Daily Variety editor Arthur Ungar penned a page-one tribute to Lombard that led the Jan. 19, 1942, edition.
“Carole Lombard died in the line of duty. She was the first casualty of show business in this world war. She was in active service on a mission in defense of the United States — selling Defense Bonds — when death suddenly overtook her in the skies,” Ungar wrote.At a time when the country was polarized about whether to enter the conflict, Lombard had been an outspoken supporter of President Franklin D. Roosevelt.
It was no surprise that she was among the first in what Variety then referred to as “the film colony” to raise her hand to help the war effort. U.S. Treasury officials put the movie star to work selling war bonds to finance the enormous military and industrial response to Japan’s bombing of Pearl Harbor on Dec. 7, 1941.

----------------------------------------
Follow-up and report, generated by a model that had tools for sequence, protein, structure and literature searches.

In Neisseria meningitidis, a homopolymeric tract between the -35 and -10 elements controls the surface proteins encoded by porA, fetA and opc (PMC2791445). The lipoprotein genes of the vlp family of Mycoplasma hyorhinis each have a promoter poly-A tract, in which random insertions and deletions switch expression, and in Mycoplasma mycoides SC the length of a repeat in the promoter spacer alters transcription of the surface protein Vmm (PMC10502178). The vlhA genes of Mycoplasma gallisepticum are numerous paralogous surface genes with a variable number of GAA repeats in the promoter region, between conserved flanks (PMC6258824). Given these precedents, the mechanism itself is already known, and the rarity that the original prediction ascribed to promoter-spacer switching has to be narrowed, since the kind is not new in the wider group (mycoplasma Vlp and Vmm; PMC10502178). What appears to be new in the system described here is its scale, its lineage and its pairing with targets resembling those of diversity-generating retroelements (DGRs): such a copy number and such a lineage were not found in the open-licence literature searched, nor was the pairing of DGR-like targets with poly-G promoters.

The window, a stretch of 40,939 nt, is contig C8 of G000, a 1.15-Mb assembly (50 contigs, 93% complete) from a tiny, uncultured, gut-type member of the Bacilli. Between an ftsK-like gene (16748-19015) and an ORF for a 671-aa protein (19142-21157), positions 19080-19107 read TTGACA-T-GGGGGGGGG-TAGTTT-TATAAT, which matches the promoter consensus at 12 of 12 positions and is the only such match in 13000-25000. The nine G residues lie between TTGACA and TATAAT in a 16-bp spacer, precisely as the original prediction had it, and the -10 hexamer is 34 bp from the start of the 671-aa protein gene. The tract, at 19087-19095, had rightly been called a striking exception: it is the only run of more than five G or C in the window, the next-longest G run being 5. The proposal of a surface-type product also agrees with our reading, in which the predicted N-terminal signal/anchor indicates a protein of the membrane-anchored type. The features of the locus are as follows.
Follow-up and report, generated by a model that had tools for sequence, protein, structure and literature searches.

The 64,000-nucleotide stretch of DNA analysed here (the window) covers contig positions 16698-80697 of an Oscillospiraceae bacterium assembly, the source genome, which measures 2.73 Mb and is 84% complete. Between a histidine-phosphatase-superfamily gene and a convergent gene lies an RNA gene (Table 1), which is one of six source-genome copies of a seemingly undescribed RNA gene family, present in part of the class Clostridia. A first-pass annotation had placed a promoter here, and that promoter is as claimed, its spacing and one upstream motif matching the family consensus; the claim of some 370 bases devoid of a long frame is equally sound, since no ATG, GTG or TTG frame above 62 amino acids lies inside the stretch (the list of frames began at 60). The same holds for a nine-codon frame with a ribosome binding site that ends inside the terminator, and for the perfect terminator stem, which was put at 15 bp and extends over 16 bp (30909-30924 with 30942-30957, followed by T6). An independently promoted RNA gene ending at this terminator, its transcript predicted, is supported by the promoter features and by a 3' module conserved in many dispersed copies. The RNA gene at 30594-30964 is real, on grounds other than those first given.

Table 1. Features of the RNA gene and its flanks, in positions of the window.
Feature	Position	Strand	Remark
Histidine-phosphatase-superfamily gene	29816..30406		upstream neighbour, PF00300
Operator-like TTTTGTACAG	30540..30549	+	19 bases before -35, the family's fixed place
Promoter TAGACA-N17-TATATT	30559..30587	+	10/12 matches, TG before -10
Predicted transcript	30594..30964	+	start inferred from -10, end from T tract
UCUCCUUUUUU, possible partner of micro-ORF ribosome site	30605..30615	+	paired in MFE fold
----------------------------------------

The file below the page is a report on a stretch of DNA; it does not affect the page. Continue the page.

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World War II impacted Hollywood differently then. After that, they no longer were “Americans” imho.